Still, knowing who may be at risk of autism could improve diagnosis, which might enable earlier intervention.
One study, led by the University of Pennsylvania and Children's Hospital of Philadelphia, followed babies who weighed less than 4.4 pounds at birth through to age 21. Nearly 5 percent of these 623 young adults had an autism-spectrum disorder, five times the rate in the general population.
"Clearly, screening for autism-spectrum disorders in low-birth-weight survivors is critical," said lead author Jennifer Pinto-Martin, a Penn School of Nursing epidemiologist.
Autism includes a host of developmental disorders of varying severity marked by communication problems, compulsive behaviors, and inappropriate social interactions.
Last year, government researchers estimated that in 2006, the disorders affected 1 percent of U.S. children. Though that is in line with rates in other countries, it is 57 percent higher than the U.S. rate in 2002.
Better diagnosis can't fully explain the dramatic increase, experts agree.
In searching for explanations, researchers are looking at lifestyle changes. In recent decades, women have been delaying motherhood, which increases both their chance of needing fertility treatment, and their chance of having a low-birth-weight baby, typically due to prematurity.
These changes have emerged as risk factors for autism:
Two studies presented Thursday linked infertility treatment to the chance of autism. A Harvard University study of 3,985 nurses found that using ovulation-inducing drugs to overcome infertility nearly doubled the odds of having an autistic child. A Tel Aviv University study of 564 autistic children found they were three to four times more likely to have been conceived through in-vitro fertilization and to have been born at very low weights than children in the general population. The mothers of autistic children were also older - 33 on average - compared with 31 for the others.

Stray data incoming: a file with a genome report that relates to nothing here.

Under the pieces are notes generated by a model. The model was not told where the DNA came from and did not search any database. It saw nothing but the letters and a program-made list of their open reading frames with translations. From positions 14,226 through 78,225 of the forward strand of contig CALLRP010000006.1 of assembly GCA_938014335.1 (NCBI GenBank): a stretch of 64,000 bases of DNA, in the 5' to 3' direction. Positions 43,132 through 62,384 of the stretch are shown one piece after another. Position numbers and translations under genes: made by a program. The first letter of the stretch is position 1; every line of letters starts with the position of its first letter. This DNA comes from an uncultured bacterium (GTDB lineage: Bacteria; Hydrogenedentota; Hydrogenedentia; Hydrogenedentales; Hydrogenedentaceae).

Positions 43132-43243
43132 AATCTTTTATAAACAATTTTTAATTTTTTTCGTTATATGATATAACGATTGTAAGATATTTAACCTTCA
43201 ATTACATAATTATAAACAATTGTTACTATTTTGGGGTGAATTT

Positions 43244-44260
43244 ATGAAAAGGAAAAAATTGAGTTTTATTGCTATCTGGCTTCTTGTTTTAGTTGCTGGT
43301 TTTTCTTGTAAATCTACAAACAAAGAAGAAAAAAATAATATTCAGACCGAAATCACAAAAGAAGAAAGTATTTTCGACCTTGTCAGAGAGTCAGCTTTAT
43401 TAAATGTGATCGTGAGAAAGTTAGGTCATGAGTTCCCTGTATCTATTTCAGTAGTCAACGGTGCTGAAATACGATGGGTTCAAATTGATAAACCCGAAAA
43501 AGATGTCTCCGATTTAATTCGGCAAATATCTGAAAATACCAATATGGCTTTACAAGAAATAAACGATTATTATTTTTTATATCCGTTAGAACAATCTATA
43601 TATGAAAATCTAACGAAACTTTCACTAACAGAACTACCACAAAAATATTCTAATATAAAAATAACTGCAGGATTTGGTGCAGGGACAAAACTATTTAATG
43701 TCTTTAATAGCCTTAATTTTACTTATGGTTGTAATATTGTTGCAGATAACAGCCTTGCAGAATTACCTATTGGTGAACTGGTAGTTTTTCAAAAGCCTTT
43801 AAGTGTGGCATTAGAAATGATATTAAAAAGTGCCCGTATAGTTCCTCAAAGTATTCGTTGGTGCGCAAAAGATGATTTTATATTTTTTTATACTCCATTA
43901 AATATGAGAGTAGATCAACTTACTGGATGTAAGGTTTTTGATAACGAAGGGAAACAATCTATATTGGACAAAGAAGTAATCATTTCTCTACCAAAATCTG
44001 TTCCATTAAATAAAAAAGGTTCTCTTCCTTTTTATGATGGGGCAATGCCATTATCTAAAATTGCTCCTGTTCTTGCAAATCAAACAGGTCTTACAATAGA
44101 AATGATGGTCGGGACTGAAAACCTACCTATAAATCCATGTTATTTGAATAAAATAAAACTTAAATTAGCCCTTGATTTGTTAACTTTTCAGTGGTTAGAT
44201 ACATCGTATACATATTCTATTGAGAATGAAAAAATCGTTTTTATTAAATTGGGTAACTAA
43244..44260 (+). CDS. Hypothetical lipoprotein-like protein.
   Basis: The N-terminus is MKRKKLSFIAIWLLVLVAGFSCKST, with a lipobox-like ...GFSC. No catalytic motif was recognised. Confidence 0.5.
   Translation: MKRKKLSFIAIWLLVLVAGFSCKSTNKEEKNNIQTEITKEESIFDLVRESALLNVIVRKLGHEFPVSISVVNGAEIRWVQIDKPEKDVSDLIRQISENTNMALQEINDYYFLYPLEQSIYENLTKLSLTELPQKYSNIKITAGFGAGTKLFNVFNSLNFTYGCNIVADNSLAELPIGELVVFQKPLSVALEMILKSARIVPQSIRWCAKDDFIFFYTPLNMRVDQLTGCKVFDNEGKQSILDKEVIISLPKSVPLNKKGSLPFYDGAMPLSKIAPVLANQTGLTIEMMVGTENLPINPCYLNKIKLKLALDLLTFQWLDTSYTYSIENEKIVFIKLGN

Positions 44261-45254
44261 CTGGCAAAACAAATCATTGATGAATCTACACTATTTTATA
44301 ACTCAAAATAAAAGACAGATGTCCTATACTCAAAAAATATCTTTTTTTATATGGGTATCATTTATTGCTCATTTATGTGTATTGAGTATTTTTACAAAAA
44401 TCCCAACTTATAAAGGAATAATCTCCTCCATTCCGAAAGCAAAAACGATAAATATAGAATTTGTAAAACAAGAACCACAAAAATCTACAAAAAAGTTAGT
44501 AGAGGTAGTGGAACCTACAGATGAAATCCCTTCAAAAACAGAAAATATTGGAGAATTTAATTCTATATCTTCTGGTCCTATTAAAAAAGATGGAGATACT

A Danish study of more than 8,000 children diagnosed with autism found that very low birth weight (less than 3.3 pounds) increased autism risk. However, weight was a stronger risk factor for girls than boys, even though autism is four times more common in boys. Being slightly underweight increased the risk by 50 percent for girls, but not for boys.
A Columbia University study that has followed 108,000 Norwegian infants through age 7 found autism was more common among those whose heads were abnormally small or abnormally large in the first year of life. The researchers said "pediatricians should carefully record" babies' head measurements as a possible indicator.
There were also some reassuring results. A study led by the University of North Carolina concluded that although smoking during pregnancy isn't advisable, it doesn't increase autism risk, as was previously thought.
And the Kennedy Krieger Institute in Baltimore debunked the idea that the stress of having an autistic child drives most parents to divorce. Using data from a 2007 national survey, Krieger researchers found that 64 percent of autistic children live with two married parents - compared with 65 percent for other children.
Contact staff writer Marie McCullough at 215-854-2720 or firstname.lastname@example.org.